Further, if the NFL has been delving into the matter for over nine months without any conclusion, why did Chiefs chairman Clark Hunt (no relation) hand-wave away questions about his prized running back at the start of the season by saying “young men” often fail to make “the best decisions,” and promise that the team’s coaching staff and player-development department would provide all the guidance he needed to avoid a “situation” like this going forward?
“Kareem is a young man, (in his) second year in the league and obviously had a very big year on the field last year,” he said. “I’m sure he learned some lessons this offseason, and hopefully won’t be in those kind of situations in the future.”
And even in an alternate universe where Rice never pummeled his partner and provided a crystal-clear map for how this would play out, how could anyone still be laboring under the delusion that this new tape would never see the light of day?
These are not questions the NFL really wants to answer, and if the Rice investigation sets a precedent, it will move heaven and earth to ensure that it doesn’t have to. It took dogged reporters quite some time before they were able to call the NFL’s bluff and reveal when it wasn’t engaging in obfuscation and misdirection or dragooning Palmer into reciting talking points during a painfully staged press conference.
For the most part, others will do the heavy lifting for the league. Beyond the instinctive desire by both the press and fans to pivot to subjects they know best, like how Hunt’s absence will impact the Chiefs on the field, the NFL has discovered a quite-clever way to avoid questions of complicity altogether: the endless parsing of and focus on its disciplinary actions, which, again, is exactly what transpired in the months following Rice’s series of suspensions.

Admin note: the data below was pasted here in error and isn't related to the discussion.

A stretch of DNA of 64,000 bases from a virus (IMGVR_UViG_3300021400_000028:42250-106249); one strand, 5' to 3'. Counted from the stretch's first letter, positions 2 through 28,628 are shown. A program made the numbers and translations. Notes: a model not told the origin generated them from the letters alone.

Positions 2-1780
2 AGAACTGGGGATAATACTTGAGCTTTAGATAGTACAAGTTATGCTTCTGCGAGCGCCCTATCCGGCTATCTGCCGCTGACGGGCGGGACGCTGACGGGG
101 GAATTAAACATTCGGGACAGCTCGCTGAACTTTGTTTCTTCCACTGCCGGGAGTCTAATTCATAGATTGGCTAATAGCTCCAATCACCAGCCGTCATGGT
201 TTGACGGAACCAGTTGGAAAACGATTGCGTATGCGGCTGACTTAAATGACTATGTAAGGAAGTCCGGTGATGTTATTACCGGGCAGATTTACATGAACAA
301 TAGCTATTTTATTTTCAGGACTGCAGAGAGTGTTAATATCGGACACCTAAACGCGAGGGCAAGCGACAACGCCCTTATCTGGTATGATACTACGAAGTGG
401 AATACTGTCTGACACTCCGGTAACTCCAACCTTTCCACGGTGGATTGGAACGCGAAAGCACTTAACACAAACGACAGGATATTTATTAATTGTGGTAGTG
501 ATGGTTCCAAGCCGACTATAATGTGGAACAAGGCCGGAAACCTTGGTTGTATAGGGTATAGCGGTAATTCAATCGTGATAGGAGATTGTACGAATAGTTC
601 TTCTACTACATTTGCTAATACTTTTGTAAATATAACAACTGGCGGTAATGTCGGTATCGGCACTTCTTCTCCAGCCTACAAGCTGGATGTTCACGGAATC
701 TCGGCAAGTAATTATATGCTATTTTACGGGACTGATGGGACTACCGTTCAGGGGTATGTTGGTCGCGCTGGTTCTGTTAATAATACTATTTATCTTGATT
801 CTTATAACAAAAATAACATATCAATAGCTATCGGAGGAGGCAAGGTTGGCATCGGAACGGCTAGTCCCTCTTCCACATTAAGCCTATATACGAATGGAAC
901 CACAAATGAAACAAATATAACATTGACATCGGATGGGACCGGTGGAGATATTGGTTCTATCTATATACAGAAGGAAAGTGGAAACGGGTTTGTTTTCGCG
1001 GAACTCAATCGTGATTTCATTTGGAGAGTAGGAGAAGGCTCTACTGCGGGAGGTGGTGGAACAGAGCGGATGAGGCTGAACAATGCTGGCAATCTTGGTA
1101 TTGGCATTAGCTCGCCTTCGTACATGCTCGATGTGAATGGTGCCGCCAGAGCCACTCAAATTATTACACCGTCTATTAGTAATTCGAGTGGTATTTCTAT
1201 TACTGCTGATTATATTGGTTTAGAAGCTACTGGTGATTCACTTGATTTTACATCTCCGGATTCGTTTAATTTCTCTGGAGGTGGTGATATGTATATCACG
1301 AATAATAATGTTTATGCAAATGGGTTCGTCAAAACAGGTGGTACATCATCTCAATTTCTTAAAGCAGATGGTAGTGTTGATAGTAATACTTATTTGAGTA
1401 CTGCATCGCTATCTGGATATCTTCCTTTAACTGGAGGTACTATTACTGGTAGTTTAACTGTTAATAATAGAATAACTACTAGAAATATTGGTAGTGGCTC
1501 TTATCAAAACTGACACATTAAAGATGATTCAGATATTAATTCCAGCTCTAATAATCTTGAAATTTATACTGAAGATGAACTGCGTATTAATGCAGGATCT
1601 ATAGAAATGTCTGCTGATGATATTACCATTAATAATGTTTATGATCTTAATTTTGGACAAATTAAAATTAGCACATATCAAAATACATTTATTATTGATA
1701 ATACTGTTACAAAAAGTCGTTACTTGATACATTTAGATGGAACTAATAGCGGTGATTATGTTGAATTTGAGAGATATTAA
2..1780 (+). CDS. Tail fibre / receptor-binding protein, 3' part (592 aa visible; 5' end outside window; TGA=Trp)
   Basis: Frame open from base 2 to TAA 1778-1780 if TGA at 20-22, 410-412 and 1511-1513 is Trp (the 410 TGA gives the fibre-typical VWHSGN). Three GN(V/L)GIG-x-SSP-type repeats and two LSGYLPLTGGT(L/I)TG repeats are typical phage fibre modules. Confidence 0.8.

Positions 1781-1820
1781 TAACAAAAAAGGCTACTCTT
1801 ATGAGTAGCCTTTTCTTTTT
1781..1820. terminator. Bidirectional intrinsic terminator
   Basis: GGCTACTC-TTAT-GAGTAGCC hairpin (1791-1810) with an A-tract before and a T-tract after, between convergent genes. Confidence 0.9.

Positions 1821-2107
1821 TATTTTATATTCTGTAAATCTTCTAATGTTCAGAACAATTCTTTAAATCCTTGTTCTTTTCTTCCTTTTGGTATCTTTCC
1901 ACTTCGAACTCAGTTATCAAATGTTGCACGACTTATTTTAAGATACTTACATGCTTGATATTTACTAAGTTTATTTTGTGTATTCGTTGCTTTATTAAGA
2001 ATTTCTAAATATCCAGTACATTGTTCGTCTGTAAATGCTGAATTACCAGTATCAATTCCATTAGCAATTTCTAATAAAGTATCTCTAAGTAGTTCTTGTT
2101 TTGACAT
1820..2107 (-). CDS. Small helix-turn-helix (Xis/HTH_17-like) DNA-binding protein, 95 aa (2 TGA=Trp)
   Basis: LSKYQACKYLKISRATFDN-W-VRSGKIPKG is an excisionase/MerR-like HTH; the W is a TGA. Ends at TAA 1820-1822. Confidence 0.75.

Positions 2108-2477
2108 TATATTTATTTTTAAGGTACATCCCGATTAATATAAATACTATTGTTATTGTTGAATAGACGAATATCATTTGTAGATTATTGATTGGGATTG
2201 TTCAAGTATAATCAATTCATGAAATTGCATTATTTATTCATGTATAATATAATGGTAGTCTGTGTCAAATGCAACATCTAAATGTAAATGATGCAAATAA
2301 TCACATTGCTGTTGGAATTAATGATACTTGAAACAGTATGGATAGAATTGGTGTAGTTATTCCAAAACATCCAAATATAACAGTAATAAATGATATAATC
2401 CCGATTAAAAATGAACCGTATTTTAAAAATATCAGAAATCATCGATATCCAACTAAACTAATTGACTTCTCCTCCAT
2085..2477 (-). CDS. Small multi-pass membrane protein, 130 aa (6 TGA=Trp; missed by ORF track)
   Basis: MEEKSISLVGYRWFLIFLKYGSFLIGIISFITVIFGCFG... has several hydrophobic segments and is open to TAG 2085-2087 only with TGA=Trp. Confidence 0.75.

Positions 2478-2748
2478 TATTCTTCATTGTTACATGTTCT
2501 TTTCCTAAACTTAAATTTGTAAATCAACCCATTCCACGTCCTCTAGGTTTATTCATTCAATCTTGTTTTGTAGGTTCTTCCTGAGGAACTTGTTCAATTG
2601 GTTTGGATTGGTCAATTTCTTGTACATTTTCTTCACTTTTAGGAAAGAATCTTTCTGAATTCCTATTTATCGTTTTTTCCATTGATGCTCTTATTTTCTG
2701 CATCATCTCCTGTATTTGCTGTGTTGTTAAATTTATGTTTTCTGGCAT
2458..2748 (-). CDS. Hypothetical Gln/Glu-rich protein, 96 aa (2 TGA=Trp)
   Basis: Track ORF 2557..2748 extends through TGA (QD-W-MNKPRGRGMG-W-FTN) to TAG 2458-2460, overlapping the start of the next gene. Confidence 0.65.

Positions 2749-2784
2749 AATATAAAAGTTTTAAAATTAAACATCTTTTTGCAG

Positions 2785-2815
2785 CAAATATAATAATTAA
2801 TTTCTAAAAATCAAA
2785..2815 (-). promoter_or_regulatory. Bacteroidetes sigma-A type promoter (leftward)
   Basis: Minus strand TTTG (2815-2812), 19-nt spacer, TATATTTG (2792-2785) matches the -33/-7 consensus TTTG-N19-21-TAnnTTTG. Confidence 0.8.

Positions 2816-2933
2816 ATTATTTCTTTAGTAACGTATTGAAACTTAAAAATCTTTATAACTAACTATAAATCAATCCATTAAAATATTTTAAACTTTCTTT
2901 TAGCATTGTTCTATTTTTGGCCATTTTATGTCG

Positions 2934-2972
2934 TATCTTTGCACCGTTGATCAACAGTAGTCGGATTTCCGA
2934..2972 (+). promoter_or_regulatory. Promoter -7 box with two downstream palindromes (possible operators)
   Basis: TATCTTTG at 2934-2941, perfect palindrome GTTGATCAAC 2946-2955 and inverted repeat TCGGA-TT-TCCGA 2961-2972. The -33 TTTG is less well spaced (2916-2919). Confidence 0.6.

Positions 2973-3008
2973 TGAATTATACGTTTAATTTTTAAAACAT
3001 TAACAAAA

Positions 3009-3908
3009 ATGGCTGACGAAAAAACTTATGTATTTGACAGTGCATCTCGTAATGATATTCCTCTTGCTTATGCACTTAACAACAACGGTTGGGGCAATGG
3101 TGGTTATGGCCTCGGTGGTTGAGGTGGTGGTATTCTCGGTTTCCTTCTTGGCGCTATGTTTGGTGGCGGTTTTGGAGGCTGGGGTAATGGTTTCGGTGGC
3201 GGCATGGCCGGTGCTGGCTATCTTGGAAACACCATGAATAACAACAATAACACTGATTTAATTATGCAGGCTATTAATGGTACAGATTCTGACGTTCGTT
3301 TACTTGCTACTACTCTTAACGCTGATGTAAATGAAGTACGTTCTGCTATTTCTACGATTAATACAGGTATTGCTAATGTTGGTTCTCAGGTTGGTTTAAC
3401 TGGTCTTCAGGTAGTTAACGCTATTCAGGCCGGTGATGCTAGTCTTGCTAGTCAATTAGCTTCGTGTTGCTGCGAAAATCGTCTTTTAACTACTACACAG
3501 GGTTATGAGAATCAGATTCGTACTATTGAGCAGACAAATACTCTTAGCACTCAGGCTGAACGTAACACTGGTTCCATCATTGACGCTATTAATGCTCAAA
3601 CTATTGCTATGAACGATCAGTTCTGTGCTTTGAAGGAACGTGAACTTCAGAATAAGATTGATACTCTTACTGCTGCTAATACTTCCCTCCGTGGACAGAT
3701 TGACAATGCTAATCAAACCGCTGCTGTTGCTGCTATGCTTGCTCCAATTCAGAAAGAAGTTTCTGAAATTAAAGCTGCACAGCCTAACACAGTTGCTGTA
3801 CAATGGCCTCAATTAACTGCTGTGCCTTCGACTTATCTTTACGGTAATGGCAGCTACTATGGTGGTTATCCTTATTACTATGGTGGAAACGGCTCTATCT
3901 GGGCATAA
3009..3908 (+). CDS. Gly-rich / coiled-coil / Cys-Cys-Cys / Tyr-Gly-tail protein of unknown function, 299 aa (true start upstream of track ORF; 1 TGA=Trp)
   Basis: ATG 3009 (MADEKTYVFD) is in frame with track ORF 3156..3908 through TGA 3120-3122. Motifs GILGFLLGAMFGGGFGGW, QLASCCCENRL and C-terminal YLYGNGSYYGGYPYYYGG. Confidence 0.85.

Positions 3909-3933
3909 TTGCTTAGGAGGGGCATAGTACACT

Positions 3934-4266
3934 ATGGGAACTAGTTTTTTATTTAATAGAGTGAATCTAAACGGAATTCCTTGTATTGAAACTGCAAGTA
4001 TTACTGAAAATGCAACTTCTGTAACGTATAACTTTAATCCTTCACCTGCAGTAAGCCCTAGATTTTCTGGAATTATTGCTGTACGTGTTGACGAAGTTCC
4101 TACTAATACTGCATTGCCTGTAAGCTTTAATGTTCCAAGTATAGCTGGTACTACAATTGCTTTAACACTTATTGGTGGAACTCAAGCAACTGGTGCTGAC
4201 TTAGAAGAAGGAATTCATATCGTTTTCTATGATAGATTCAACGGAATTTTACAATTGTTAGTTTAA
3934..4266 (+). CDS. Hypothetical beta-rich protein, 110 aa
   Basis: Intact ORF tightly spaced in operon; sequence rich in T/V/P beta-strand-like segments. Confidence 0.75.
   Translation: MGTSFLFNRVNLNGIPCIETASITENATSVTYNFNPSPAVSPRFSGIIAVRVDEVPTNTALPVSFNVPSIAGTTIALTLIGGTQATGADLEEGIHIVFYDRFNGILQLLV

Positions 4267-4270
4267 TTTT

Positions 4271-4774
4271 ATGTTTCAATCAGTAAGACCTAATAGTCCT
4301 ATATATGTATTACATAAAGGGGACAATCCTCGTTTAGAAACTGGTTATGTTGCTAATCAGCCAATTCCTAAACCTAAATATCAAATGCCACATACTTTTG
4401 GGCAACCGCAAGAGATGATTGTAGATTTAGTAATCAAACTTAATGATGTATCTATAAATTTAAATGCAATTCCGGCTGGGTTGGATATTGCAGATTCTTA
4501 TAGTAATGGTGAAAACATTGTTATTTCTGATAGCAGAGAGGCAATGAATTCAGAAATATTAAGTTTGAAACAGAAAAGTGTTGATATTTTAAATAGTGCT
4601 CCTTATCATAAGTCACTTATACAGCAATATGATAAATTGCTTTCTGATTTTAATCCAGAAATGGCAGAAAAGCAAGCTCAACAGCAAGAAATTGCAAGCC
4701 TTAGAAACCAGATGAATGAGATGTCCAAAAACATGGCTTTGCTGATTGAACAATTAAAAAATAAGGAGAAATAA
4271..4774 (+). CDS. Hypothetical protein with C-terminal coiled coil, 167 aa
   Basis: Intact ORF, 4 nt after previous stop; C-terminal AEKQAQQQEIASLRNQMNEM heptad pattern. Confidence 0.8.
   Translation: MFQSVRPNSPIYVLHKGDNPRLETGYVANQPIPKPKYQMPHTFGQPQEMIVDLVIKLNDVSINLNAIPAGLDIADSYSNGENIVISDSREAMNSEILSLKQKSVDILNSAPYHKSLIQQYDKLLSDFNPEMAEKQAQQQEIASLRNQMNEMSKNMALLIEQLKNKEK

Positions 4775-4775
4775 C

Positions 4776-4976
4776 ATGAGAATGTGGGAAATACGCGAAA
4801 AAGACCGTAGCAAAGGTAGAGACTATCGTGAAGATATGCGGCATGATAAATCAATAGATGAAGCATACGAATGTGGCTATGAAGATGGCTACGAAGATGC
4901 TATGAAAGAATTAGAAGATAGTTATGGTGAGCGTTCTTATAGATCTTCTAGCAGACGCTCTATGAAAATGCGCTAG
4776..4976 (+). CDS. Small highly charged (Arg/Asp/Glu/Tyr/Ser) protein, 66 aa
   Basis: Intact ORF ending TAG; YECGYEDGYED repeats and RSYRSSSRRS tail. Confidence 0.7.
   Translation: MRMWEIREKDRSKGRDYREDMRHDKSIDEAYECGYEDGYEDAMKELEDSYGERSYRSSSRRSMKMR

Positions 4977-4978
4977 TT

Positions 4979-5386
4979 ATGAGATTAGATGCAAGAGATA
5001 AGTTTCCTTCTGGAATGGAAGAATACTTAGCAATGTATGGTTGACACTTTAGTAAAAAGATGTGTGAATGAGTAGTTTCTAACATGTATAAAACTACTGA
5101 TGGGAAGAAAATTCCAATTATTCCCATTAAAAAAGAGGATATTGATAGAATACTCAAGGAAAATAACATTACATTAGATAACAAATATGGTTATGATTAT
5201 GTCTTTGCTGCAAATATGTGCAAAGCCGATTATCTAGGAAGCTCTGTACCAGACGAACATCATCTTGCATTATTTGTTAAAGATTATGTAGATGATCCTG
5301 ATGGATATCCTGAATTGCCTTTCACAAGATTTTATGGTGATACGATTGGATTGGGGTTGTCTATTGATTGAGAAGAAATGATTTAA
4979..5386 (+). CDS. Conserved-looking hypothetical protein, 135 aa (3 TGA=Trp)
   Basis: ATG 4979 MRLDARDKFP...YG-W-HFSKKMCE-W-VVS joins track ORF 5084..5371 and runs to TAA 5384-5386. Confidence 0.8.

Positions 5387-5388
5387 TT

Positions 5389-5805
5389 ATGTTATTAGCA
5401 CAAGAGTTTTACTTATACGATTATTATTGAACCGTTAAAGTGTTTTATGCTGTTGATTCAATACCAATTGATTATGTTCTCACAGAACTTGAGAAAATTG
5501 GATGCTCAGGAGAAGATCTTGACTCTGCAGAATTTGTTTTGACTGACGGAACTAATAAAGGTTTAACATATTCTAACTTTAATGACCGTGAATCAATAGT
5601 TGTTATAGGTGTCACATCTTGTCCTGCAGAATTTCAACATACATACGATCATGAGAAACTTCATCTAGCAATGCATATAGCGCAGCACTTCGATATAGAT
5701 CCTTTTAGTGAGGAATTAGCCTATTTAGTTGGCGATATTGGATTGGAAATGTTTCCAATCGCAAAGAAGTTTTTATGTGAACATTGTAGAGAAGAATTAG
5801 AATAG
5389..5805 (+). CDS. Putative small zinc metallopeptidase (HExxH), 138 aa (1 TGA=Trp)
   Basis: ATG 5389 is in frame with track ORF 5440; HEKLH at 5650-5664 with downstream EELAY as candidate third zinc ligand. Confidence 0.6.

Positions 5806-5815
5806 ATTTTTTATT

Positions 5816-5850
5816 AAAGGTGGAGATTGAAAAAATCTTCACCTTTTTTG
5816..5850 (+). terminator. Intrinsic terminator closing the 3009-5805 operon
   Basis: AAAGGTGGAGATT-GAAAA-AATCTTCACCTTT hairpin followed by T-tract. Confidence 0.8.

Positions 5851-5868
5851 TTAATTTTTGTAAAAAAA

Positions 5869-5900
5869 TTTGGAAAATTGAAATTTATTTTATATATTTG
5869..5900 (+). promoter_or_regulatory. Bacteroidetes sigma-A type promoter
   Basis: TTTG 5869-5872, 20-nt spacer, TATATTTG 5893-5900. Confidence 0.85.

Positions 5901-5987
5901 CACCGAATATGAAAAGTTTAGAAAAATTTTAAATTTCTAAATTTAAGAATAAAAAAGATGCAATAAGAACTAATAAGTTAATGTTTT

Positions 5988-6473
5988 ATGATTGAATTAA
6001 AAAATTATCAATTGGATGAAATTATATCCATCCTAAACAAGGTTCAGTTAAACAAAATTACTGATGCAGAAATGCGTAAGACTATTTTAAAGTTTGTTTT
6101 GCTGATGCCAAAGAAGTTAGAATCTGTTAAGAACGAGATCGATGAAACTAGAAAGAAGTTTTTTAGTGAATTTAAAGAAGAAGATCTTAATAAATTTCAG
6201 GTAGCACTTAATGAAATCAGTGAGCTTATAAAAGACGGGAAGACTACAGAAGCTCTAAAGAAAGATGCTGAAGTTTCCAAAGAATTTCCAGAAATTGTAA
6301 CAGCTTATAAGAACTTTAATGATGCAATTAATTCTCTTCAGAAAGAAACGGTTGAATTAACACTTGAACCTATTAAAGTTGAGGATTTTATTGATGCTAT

To a certain degree, yes, this desire is understandable. Fans, and not just Chiefs fans, want in some small way to feel like it’s okay to watch football again—that Hunt’s banishment means justice has been served, and so by weighing the attendant morality of Ezekiel Elliott’s six-game ban versus Jameis Winston’s three-game ban, it can feel like ethical consumption or even that the arc of the NFL universe is bending toward justice.
It isn’t. And granting a multi-billion-dollar business the license to serve as a shadow judiciary will end very, very badly. Suspensions have no political or moral significance, regardless of whether they’re accompanied by well-crafted and thoughtful or execrable public statements, like the Washington Redskins’ ham-fisted rationale for signing linebacker Reuben Foster mere days after he was released following multiple allegations of domestic violence. Teams will employ athletes who will help them win and kitty-corner any and all ethical concerns, full stop. Moreover, these debates only serve to remove the victim(s) from the stage altogether. That too seems inevitable, sad to say.
Much of sports media has proven that it lacks the wherewithal to frame this story in any way other than its own, narrow lens, one in which the victim functions like a speed bump in a great, if flawed, man’s journey. Like Adrian Peterson, who still beats his kids and yet was largely given a glossy sheen in a recent Sports Illustrated profile, Ottinger’s recovery and any trauma she may have suffered will be reduced to a few paragraphs tucked into the tale of Hunt’s arduous road to redemption.
Hunt has already issued an apology, saying: “I want to apologize for my actions. I deeply regret what I did. I hope to move on from this.” He will, and when Hunt is given another shot—and he absolutely will be given a chance by some team—yes, it will be enraging, as if the NFL were engaging in yet another, substance-free branding exercise, like the entirety of its anti-domestic violence campaign.
If only it weren’t so clear what comes next.